• TextExpander
  • Automator and the Services menu: While not as useful as they could be, due to Apple's on-again-off-again interest in supporting and promoting them, they are great for hooking little scripts into my workflow.
  • Safari Extensions: If you know a bit about JavaScript and the DOM, you can automate a lot of common web activities, and even customize website behavior.

Here are things that I've experimented with, and decided to avoid:

  • AppleScript. I use it when I have to, but it is the worst scripting language ever created. Whenever I can use bash, Python, or JavaScript instead, I do.
  • Application-specific macros. Some applications provide their own mechanisms for replaying sequences of keystrokes or triggering scripts. I use these when they make sense, but it is generally better to let Keyboard Maestro, TextExpander, or the Services menu take care of them system-wide.
  • Speech recognition: The Mac has long had a speech recognition system that lets you do a lot of things by just telling it to do so. However, this has never been as useful as, for example, Siri on the iPhone.
  • Doing everything suggested by Merlin Mann, Brett Terpstra, Dr. Drang, and MacSparky. Those are all smart people who figure out some cool stuff, but it's easy to get bogged down trying to use it all. It's better to examine your own workflow and improve it than it is to try to adopt someone else's workflow. (It also makes me feel stupid when it takes me longer to read that stuff than it takes them to write it.)

The process of customizing my computer has changed the way I use it. Whenever I do the same sequence of steps more than a couple of times, I stop and think about whether there is a way to make it faster or easier. Often the answer is not to customize the machine further, but to change my own work habits.

Node.js Cheatsheet

I am learning about node.js. This is my cheatsheet. It may not be useful to you at all.

Also see My JavaScript Cheatsheet.

Havenjark Color Theme for Xcode 4

I've been experimenting with low-contrast color themes in my source-code editors. For a while, I thought I had settled on Zenburn. However, I recently ran across Havenjark in the Eclipse Color Themes plugin, and I decided it is perfection.

The only problem was that, while I could find Havenjark theme files for Eclipse and Textmate/Sublime Text 2, I could not find one for Xcode. So I converted the Eclipse color theme to Xcode 4's color theme format by hand.

If you'd like to try Havenjark in Xcode 4 yourself, download Havenjark.dvtcolortheme and copy it to your ~/Library/Developer/Xcode/UserData/FontAndColorThemes/ directory. Then, in Xcode, go to Preferences -> Fonts & Colors and select it.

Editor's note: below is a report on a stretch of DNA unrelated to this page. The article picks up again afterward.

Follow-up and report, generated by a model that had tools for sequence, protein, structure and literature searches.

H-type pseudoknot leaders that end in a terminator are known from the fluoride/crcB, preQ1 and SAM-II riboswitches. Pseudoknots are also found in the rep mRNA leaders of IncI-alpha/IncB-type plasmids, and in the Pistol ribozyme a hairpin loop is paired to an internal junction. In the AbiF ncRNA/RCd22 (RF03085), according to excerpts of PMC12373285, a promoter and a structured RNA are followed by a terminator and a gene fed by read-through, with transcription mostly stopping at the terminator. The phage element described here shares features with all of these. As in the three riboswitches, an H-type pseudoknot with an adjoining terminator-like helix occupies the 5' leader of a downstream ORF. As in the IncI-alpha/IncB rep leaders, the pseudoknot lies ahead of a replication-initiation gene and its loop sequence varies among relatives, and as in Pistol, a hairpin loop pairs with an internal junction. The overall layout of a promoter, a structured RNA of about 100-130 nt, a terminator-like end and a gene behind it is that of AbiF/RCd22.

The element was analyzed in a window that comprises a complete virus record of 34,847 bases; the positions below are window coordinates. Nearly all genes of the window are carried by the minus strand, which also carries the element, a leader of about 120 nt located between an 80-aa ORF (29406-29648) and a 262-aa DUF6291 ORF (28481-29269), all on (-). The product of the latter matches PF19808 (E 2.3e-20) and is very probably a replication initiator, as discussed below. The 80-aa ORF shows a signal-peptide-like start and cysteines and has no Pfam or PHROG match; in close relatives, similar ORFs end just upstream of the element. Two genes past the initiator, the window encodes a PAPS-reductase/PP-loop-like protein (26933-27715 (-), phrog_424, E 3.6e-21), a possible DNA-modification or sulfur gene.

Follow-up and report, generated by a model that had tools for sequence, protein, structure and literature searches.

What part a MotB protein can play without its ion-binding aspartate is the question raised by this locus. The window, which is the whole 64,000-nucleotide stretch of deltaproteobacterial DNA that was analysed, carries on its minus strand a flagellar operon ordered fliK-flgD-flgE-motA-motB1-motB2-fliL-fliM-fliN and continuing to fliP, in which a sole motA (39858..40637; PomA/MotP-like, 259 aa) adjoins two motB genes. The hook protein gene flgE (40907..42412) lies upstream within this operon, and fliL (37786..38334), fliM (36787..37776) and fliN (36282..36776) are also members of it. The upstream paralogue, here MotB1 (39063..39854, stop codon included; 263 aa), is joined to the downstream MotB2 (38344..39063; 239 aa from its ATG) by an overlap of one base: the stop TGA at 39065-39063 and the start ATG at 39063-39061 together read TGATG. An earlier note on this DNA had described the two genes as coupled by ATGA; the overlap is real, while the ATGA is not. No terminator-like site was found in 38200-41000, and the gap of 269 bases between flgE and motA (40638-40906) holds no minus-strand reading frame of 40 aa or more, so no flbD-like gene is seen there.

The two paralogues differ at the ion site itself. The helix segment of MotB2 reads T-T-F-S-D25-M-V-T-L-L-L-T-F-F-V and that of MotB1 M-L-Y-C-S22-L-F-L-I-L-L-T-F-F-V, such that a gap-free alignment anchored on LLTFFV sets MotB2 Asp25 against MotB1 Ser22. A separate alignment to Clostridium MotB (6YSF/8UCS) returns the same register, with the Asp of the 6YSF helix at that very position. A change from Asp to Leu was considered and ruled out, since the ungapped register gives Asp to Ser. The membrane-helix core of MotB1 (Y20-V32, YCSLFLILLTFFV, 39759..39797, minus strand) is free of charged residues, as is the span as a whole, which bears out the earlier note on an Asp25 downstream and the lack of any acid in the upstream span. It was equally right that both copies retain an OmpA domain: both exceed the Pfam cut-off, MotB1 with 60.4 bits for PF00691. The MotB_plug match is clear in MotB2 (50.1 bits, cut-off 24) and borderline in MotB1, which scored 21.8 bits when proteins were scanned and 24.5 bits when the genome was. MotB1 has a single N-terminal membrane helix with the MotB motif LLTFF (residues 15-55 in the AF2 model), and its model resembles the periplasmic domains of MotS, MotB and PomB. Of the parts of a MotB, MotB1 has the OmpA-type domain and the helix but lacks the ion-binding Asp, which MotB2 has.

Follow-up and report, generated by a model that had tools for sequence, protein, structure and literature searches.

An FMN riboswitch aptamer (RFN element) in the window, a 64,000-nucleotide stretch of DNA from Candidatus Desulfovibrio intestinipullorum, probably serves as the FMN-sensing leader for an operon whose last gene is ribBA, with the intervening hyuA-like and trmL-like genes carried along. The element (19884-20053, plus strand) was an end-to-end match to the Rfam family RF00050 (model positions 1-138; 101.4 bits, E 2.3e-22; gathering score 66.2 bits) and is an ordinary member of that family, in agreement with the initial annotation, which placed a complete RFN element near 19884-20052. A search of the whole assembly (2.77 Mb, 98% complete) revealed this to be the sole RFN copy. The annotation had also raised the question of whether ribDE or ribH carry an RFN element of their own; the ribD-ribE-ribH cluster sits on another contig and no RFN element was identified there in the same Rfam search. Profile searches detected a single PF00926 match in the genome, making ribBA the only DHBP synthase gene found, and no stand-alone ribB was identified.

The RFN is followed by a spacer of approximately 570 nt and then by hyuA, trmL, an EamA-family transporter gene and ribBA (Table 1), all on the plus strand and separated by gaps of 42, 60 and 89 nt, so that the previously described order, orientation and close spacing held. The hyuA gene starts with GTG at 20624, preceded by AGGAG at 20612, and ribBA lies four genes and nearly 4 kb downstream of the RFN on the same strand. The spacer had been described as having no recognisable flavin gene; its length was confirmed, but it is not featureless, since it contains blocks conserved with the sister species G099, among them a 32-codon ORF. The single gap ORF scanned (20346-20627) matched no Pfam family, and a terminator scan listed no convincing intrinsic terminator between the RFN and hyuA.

My theme uses the Bitstream Vera Sans Mono font, which you can download for free from various locations on the Internet, or you can just change the font to something of your liking.

I'm not going to bother converting this to Visual Studio's color-theme format. There is no point in trying to make Windows development look nice.


I got fed up with the complexities of the various iPhone flashlight apps I've tried, so I whipped up my own dead-simple flashlight app.

It has three buttons that control the LED on the back of the phone:

  • On
  • Off
  • Flash (once per second)

That's it.

My hope is that keeping it as simple as possible means it will load quickly and stay resident in memory, so I can have light instantly whenever I want it. This is a lot more important to me than all the controls and "features" provided by other flashlight apps.

You may want to build your own dead-simple flashlight app, or maybe you want to see some code that controls the LED light. The source code is on GitHub: https://github.com/kristopherjohnson/KJFlashlight

Apple Product Names

Correct: iPod, iPhone, iPad, iTunes, Mac, MacBook, Apple

Incorrect: IPOD, Iphone, I-Phone, IFone, i-PAD, EyePad, Ipadd, I-Toons, MAC, MAC Book, McIntosh, APPLE, AAPL

(Don't be an idiot. This isn't complicated.)

Re-attaching an iMac Stand After VESA Mount Use

We recently purchased a new iMac to replace a old iMac. The old iMac was attached to a wall mount using Apple's VESA Mount Adapter, so I had to remove the old iMac from that adapter and attach the new iMac to it. That went fine, but then I had problems re-connecting the original stand to the old iMac. What follows is what I learned, and I hope it helps others who have the same problem.